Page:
I think that the single biggest problem in this area is trust. If there is mutual trust between the party that is making the software and the party that is paying for it, that goes a long way. Otherwise, any kind of change will be treated with suspicion. One thing that agile approaches try to do is to bring these groups together into cross functional teams, so that the customers are involved in the day to day work. That helps a lot in building the trust that's needed for this approach to work effectively...
You're absolutely right. Trust is a major issue. That's why close collaboration and reliable delivery are so important.
Yes, though I think it's possible to fix the requirements, but then you have to live with a potentially unlimited timeline. Thus, it's wiser to fix timelines and have loose user stories instead.
I talk briefly about this in my upcoming book: edaqa.com/on_programming/ Though I image it's a topic that will need a book all on its own -- just to cover the idea! :)
You’re right. But the common way to plan projects, that I refer to as an anti-pattern, suggests fixed scope AND fixed project end date. I actually experienced a project where money wasn’t a thing once - there, I could have applied what you said. :-)
If an electrician or plumber or any engineer starts talking to you this way you will never hire him.
So you wouldn’t pay a plumber in your home if (s)he didn’t predict the end result and budget, is that what you’ trying to say?
If yes, I fully agree. The reason why this anti-pattern exists is that something complex (software development) is modeled after something complicated or simple (like plumbing).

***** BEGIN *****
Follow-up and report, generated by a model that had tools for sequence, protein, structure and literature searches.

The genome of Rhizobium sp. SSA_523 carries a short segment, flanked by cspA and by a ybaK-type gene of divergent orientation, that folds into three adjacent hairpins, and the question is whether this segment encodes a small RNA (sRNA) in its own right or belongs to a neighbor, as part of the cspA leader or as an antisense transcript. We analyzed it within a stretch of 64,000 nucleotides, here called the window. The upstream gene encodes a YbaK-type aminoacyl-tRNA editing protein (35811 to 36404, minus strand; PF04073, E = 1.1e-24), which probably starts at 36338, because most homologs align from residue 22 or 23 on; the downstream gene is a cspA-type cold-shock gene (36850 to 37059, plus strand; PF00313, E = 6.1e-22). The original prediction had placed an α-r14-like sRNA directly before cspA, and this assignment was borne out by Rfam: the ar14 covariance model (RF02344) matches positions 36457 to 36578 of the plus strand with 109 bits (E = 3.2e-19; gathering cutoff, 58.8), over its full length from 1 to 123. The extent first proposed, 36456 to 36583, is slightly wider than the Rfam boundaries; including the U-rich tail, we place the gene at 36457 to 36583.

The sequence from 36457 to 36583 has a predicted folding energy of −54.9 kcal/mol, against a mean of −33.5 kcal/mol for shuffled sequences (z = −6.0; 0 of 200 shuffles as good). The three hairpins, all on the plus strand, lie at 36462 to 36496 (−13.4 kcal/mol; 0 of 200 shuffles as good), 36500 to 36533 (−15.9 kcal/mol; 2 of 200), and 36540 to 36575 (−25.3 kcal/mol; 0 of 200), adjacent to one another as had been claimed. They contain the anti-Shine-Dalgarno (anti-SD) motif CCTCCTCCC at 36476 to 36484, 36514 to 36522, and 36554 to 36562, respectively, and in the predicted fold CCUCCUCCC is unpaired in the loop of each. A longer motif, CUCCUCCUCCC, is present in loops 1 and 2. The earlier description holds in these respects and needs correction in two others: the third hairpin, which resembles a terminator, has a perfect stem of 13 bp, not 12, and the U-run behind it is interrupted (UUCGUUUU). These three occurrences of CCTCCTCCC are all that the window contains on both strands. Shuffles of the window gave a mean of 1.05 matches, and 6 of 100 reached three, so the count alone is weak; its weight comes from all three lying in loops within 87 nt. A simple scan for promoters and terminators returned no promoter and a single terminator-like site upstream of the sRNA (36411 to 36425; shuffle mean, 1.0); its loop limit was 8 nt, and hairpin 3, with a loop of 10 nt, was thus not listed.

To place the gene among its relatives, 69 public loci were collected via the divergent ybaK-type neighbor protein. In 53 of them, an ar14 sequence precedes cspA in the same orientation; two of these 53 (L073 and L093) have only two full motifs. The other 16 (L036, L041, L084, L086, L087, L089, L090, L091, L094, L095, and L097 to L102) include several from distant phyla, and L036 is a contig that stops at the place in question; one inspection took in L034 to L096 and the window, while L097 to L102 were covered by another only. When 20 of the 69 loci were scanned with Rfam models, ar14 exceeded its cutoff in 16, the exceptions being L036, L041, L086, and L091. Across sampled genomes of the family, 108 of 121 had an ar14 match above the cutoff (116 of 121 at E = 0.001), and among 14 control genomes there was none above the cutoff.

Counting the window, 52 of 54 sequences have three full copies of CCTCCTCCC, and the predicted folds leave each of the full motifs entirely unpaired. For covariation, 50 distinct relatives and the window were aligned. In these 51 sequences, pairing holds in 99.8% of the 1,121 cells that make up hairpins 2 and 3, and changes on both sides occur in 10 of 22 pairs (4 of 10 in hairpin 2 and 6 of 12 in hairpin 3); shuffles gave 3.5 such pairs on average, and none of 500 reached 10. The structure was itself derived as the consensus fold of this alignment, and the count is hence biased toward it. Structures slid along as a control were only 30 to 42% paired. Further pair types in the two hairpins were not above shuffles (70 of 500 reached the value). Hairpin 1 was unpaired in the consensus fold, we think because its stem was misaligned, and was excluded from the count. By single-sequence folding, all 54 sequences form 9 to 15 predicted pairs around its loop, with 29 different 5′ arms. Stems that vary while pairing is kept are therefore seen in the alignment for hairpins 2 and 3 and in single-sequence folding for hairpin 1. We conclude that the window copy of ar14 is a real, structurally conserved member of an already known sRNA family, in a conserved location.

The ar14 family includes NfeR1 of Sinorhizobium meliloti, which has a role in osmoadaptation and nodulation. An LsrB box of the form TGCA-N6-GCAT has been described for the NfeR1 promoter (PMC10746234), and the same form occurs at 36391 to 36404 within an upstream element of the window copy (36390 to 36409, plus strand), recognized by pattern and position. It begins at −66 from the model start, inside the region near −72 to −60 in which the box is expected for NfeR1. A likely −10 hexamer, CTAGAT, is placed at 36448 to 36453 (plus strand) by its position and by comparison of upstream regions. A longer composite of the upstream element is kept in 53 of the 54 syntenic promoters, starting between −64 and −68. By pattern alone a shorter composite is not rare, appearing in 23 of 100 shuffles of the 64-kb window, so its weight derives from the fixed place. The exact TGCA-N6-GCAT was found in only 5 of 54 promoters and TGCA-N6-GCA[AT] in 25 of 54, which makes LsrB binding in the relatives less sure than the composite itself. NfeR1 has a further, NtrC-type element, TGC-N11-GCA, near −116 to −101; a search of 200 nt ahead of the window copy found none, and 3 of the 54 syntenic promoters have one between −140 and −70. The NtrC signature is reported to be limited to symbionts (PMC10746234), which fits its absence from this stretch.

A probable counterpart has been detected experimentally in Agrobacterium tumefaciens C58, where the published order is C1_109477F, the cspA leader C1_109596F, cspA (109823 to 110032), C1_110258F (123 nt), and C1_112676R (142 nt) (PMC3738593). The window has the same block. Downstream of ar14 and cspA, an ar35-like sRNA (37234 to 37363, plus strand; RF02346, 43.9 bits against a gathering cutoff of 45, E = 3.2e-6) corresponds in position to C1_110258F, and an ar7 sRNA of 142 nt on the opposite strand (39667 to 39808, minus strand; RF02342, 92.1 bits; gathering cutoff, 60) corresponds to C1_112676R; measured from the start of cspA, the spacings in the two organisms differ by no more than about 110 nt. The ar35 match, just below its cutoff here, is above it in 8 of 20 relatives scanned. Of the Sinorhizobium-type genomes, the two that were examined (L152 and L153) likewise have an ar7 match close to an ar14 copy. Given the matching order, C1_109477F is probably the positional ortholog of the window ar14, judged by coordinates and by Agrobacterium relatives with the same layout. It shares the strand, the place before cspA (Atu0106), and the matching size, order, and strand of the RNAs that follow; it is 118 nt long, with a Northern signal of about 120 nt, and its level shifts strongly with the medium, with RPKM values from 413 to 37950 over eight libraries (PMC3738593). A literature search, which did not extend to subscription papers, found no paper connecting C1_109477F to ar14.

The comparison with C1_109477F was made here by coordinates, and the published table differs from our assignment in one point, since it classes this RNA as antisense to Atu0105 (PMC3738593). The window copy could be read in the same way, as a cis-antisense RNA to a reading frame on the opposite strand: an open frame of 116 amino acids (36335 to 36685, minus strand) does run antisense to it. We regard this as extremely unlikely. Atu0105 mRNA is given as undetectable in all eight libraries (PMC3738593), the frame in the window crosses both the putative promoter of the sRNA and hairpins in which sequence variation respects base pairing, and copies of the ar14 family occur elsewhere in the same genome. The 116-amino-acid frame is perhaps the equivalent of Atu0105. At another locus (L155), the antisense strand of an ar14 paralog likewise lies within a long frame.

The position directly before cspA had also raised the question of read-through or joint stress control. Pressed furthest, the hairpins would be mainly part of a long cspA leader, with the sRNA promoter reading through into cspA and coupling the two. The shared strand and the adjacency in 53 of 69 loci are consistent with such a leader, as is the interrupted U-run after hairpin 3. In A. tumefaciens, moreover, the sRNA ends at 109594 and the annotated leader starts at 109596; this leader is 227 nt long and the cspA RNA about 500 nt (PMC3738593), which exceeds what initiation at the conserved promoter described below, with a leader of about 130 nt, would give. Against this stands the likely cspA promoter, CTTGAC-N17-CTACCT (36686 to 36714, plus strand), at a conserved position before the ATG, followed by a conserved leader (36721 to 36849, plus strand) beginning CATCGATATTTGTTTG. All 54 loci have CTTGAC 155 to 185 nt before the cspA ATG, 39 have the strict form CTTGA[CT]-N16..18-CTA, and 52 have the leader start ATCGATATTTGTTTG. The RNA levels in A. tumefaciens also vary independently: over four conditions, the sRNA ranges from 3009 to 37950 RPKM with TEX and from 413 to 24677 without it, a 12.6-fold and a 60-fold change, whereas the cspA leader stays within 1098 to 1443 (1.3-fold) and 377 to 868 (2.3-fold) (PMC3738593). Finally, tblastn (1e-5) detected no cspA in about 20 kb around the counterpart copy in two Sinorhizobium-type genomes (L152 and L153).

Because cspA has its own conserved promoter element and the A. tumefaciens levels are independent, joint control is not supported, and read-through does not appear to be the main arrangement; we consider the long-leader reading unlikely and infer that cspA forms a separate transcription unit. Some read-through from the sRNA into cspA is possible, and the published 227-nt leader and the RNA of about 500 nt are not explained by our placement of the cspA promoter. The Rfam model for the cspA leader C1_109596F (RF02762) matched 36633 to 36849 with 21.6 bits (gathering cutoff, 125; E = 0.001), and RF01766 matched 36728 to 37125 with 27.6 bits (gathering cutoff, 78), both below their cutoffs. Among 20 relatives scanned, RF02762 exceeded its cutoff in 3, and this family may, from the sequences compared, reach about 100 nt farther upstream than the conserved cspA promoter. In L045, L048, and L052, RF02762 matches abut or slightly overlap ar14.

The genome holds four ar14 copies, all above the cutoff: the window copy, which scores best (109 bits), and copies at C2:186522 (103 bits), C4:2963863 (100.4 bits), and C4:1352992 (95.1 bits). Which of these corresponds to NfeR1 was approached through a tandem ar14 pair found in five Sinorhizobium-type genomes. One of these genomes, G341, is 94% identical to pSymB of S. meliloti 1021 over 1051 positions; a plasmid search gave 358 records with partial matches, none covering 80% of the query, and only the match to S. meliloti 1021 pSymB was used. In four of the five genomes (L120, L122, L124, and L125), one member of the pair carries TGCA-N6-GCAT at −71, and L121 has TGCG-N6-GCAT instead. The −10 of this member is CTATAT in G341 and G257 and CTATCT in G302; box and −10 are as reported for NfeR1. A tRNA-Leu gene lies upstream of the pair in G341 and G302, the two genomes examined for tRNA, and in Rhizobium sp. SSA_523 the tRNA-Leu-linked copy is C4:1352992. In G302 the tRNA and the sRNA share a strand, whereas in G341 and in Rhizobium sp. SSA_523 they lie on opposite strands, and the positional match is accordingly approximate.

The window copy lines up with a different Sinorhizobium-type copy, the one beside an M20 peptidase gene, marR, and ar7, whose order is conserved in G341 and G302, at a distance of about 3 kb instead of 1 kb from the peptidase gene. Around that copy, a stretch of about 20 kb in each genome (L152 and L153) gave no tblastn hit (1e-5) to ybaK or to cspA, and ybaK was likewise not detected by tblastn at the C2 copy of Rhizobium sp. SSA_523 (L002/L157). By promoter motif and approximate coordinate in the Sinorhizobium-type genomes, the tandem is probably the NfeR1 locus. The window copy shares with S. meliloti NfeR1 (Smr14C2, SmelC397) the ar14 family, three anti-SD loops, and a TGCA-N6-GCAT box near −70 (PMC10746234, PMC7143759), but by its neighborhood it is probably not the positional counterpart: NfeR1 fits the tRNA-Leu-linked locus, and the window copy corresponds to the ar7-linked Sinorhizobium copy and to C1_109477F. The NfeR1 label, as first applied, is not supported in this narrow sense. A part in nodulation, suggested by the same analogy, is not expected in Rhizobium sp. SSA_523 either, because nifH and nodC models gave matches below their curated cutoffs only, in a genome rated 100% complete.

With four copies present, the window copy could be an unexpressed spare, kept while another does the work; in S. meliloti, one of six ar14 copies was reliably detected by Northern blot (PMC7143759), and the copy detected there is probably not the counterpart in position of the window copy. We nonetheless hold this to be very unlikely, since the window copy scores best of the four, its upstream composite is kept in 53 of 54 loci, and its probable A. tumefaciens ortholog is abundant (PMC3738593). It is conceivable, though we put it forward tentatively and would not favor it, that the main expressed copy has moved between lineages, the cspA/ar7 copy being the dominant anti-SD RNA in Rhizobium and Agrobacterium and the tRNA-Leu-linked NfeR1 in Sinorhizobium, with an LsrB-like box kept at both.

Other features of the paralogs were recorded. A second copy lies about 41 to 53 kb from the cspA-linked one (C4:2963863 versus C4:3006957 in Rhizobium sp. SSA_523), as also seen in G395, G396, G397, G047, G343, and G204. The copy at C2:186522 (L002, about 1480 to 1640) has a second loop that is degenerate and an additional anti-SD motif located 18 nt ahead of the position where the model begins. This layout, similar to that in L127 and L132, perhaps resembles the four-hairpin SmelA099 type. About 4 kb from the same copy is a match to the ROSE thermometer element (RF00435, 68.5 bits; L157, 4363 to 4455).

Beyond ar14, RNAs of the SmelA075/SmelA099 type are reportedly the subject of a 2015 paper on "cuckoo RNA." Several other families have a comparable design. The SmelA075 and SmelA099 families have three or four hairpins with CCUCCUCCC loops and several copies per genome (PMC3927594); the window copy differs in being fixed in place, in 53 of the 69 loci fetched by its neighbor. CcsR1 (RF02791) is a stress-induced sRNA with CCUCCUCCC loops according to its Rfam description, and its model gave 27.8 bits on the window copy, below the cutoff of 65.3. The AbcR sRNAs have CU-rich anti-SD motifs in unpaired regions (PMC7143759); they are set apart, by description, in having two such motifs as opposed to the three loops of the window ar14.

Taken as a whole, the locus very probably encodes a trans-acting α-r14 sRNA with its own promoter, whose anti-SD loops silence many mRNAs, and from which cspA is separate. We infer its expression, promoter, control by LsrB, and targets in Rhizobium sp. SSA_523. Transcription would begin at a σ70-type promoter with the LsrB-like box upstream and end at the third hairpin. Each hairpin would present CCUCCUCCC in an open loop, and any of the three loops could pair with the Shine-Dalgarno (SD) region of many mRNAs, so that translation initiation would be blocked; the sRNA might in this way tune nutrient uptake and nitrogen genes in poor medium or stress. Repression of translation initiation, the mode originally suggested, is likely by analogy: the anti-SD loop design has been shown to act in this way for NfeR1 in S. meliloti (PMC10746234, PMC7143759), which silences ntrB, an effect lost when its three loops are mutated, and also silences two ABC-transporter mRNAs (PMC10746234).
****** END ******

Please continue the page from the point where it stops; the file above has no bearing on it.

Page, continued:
In case you‘re open to learning about that, check out the Cynefin model.
Your analogy highlights something else: software delivery - like plumbing- is often seen merely as an investment, while in today’s digital age, return on investment should be considered.
Finally, there are cars and fighter planes built with Scrum. So it’s possible to apply agile practices to engineering as well.
My point was - you should be able to estimate efforts. And customer should be aware that any scope change basically returns you back to the beginning of the entire process - more or less. I am fully aware, that one can't predict everything and like a plumber who first needs to break the wall to see where exactly the pipe is broken, and how bad the problem is, then tell you what you have to do next and what your options are. This is the agile part precisely, but nevertheless we are professionals and we should be able to estimate how long it will take to do something.
I've dealt with various contractors for things like home renovations, and the original estimates for time and cost are basically worthless in that case.
For something simple, like replacing a sink or fixing a leak, they'll generally stick with the original estimate.
Just like software development, isn't it? Simple things are easy to estimate and do. When complexity increases - everyone fails to estimate correctly. However if a contractor offers you to replace your floor for $10000 and then suddenly it turns out you have to pay extra $25000 because your house on the southern side of the hill and it's a leap year and it turns out it's a full moon the week when they will finish and they charge extra for this or you will have to wait another 3 months, then you will be really pissed.